If you are foreign investor in Romania (legal or natural person) you should be aware of the double taxation treaties that Romania has signed so that not to pay taxes in more than one country.
Romania has been signing this kind of treaty since before 1989.
In 2001 Romania and the Federal Republic of Germany signed such a Double Taxation Avoidance Agreement concerning mainly taxes on income and on capital.
This Agreement refers to the following types of taxes which are under Romanian tax law: tax on income, tax on profit, tax on property, tax on agricultural income, tax on dividends.
In the case of Germany the types of taxes covered by the present agreement are: the tax on income, the tax on corporation, the tax on land, and the commercial tax.
The Convention shall apply also to any identical or substantially similar taxes that are imposed after the date of signature of this Convention in addition to, or in place of, the existing taxes.
Income derived by a resident of one of the countries from immovable property (including income from agriculture or forestry) situated in the other country may be taxed in that other country.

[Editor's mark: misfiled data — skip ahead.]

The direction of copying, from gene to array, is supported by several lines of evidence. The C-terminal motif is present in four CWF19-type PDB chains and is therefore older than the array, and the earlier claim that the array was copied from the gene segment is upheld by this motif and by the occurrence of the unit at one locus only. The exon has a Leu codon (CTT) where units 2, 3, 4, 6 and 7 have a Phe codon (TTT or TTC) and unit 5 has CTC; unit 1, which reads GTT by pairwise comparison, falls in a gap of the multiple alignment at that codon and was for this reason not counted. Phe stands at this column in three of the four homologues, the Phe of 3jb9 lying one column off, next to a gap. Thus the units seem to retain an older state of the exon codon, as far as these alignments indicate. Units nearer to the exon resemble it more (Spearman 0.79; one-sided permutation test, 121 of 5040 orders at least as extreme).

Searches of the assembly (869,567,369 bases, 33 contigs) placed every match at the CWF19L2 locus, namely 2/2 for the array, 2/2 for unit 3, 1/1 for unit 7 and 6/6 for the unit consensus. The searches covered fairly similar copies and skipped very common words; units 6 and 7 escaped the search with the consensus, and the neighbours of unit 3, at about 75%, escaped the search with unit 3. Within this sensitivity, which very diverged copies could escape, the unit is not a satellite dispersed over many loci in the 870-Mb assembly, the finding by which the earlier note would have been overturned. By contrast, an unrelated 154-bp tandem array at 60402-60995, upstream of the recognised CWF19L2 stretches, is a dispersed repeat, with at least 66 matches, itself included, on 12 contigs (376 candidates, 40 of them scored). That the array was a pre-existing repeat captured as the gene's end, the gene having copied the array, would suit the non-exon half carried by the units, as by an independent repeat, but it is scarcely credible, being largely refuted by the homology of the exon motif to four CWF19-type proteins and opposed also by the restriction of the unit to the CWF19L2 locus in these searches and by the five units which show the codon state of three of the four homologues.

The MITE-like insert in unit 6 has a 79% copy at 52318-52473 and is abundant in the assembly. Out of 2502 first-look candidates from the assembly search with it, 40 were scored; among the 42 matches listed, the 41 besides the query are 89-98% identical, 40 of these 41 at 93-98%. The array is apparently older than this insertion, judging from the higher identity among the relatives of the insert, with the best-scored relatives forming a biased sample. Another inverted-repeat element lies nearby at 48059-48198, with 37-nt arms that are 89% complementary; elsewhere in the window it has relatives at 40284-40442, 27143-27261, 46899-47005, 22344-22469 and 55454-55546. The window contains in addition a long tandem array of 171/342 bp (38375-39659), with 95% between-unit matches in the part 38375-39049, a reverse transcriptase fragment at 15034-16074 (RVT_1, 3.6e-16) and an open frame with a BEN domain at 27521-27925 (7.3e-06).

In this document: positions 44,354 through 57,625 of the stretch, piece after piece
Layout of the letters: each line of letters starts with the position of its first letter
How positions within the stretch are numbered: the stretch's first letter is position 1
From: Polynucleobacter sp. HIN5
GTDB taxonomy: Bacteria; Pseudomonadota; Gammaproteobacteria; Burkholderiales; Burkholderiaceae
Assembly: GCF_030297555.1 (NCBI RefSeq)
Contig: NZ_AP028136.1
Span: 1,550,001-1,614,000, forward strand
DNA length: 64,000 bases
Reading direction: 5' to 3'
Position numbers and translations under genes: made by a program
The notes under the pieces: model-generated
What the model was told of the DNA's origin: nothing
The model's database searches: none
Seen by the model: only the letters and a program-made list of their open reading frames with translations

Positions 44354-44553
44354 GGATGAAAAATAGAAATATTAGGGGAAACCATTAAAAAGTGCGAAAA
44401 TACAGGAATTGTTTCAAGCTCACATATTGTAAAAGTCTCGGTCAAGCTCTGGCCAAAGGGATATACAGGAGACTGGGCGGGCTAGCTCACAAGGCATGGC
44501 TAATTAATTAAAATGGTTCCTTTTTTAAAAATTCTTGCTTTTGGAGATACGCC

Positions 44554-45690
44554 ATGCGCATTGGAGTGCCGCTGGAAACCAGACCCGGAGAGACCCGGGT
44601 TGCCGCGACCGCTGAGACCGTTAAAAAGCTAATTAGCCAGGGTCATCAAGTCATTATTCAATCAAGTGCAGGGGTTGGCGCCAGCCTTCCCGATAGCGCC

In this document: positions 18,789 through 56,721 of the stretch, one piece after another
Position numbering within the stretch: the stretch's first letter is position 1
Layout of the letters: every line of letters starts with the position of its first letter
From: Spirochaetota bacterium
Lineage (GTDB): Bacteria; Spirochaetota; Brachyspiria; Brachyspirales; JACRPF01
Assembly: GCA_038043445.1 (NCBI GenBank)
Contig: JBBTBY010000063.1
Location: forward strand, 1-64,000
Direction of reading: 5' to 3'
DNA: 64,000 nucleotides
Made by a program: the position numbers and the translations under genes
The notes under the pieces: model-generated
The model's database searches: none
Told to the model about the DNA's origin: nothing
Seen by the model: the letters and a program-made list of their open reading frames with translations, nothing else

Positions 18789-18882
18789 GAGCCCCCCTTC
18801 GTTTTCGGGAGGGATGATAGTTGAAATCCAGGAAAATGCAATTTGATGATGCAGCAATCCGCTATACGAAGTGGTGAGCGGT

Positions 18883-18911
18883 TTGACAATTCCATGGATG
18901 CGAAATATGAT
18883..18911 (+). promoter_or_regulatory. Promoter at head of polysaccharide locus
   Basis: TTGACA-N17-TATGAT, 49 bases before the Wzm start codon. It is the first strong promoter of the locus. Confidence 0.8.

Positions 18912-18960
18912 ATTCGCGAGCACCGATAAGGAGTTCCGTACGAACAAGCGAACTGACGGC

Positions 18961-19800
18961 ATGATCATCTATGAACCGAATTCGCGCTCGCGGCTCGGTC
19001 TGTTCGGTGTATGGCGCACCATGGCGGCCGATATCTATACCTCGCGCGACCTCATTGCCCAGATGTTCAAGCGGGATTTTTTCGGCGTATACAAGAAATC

In the case of dividends paid by a company of one of the countries to a resident of the other country these may be taxed by that other country.
However the rate of tax imposed by the first-mentioned Contracting State on such dividends shall not exceed 5 percent of the gross amount of the dividend.
Business profits of a resident of one of the country shall be exempt from tax by the other country unless the resident has a permanent establishment in that other country. If the resident has a permanent establishment in that other country, tax may be imposed by that other county on the industrial or commercial profits of the resident but only on so much of them as are attributable to the permanent establishment.
This Convention for the Avoidance of Double-Taxation also contains stipulations on the taxation of capital gain, independent professions, pensions etc. It is important to be noted that the stipulations of these Conventions must also be corroborated with EU regulations (applicable in Romania through the Fiscal Code).